Database Performance with Openstack Swift Improvements – Part 3

In Part 2 of this blog post series, I proposed replacing SQLite with MySQL as a database engine and changing the database schema to use chunking. These changes ensure that database performance is consistent for Account and Container Databases.

But what about Objects? As previously stated, Object data is stored in files. Are there problems with this?

Yes. Storing Object data in files is nice in that it is simple and Object data is easy to find – just look in the file system. But what about performance?

A file system adds a lot of overhead to the equation, functionality is not free. There are a number of problems with this approach.

Database Performance Problem 1: Buffer Cache

File systems use an in memory buffer cache to speed up repetitive, sequential, small file IO. But Swift Objects are written once with no partial updates or reads. Object are always completely rewritten. They are also always completely read. So the buffer cache sucks up a lot of memory and does not improve performance. In fact it degrades performance because of overhead.

Database Performance Problem 2: Multi Use of the File System

You will recall that the file system is also used to store the Account and Container databases. In addition, XFS supports Extended Attributes. These allow name/value pairs to be attached to a file. Swift uses XFS Extended Attributes to store user defined headers (meta data).

The end result is that the file system is multi use: database, meta data, and object data. This results in poor disk performance. All three of these components use the file system in different ways and thus have different effects on the file system and causes constant disk head seeks. For the best performance, we want to minimize seeks and keep the disk heads moving in one direction.

Database Performance Problem 3: Using File System Meta Data

Querying file system meta data performs poorly. File systems are great at moving data. They are terrible at querying data. Traversing inodes and data blocks is expensive. Consider the code to do an “ls”. This is basically a straight forward problem. Get the inode for a directory, perform multiple reads on the inode data, and filter and sort the results. This is a substantial ammount of code. Now consider if the meta data was in a database. The “ls” code becomes a single database query.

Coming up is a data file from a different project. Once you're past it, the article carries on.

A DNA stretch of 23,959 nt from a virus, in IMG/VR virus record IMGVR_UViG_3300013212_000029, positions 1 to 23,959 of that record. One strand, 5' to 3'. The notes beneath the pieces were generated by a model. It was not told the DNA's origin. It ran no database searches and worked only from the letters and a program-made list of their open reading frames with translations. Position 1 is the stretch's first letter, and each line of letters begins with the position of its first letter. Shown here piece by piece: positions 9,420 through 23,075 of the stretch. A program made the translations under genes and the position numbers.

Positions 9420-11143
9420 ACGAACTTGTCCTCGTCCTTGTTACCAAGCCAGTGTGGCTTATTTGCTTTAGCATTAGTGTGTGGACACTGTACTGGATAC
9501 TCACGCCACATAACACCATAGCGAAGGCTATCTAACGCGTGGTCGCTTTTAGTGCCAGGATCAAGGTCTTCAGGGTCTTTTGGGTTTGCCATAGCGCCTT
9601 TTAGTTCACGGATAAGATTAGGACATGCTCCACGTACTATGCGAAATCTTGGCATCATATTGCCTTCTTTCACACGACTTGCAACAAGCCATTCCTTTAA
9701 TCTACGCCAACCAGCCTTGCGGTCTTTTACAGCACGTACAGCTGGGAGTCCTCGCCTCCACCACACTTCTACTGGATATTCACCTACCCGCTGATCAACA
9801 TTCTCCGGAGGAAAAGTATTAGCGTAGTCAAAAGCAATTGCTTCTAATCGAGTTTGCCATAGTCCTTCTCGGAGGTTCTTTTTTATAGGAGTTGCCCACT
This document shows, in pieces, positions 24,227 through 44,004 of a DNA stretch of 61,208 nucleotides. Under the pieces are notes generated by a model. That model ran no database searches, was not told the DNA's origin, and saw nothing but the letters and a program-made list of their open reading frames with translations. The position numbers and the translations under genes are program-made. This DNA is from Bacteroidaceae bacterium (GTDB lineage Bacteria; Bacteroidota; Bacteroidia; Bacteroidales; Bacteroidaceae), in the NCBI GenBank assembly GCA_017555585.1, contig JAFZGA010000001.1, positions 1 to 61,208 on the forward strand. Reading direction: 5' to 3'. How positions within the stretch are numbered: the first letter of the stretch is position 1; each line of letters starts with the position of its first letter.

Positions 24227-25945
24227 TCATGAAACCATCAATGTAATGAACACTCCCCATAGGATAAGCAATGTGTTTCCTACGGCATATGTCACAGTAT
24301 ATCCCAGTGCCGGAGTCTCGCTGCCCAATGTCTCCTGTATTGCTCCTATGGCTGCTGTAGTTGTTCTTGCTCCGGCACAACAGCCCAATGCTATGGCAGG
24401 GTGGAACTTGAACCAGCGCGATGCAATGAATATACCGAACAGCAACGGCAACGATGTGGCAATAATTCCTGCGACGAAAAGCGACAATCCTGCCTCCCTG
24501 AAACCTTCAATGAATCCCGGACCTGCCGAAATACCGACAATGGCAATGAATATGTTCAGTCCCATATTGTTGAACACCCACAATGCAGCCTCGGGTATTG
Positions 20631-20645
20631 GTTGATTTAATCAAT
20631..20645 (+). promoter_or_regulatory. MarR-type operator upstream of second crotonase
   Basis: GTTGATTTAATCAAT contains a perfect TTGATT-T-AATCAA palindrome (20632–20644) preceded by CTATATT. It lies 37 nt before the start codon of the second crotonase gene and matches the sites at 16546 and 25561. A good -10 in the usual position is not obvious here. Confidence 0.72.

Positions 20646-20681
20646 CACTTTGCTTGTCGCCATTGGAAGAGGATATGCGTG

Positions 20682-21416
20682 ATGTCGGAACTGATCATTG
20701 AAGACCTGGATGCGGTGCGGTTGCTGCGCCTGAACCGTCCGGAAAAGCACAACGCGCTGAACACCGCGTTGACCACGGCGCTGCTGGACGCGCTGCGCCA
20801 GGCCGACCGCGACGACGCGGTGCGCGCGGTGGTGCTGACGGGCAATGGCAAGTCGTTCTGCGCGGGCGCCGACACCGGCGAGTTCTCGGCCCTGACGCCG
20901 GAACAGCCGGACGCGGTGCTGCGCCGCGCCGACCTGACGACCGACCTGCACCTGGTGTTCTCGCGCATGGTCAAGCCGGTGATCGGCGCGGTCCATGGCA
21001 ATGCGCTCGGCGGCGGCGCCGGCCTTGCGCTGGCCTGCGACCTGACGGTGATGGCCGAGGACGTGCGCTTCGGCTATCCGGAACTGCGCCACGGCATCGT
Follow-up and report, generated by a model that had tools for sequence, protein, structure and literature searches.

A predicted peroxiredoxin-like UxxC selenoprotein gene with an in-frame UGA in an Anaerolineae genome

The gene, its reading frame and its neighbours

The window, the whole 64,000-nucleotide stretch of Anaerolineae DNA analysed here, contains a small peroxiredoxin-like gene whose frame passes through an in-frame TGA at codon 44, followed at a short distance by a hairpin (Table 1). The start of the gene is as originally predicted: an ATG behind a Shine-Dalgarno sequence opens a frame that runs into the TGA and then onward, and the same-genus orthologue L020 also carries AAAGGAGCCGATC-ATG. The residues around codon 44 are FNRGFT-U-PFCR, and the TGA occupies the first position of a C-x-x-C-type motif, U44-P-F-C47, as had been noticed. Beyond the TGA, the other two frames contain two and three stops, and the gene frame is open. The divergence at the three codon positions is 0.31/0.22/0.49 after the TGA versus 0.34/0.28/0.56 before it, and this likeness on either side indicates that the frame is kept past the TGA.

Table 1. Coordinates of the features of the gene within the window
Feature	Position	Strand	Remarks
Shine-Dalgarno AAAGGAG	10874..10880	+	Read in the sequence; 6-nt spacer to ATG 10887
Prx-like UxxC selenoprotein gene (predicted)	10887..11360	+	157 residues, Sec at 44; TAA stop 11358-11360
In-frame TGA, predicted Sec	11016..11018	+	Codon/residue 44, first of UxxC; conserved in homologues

Database Performance Problem 4: All Components in a Single Repository

The database, meta data, and object data are all in the same file system. They thus are all in the same repository. Thus if the repo is down, then nothing is available. Now consider moving the meta data into the database and moving the database to a different repo. The result is that the database is still available if the file system is down. And the file system is still available if the database is down.

Database Performance Solution

The solution to these four problems is to move the file system meta data into the database and then move the database to another repo. In addition, scrap the file system and change the database to point directly into raw disk partitions. This means that Object Data would no longer be stored as files but the Object Table (in the Container Database) would point to the: partition name, partition offset, and object size. An object would thus be defined by the three tuple: (partition, offset, size). We thus remove the file system in all of its complexity and overhead and use raw disk partitions. To summerize:

  1. Replace SQLite with MySQL.
  2. Separate the database repo from the file system.
  3. Remove the file system.
  4. Move all meta data into the database.
  5. Change Object Table to use raw disk partitions.

That’s how I’ve fixed the problem. How have you solved these database performance issues?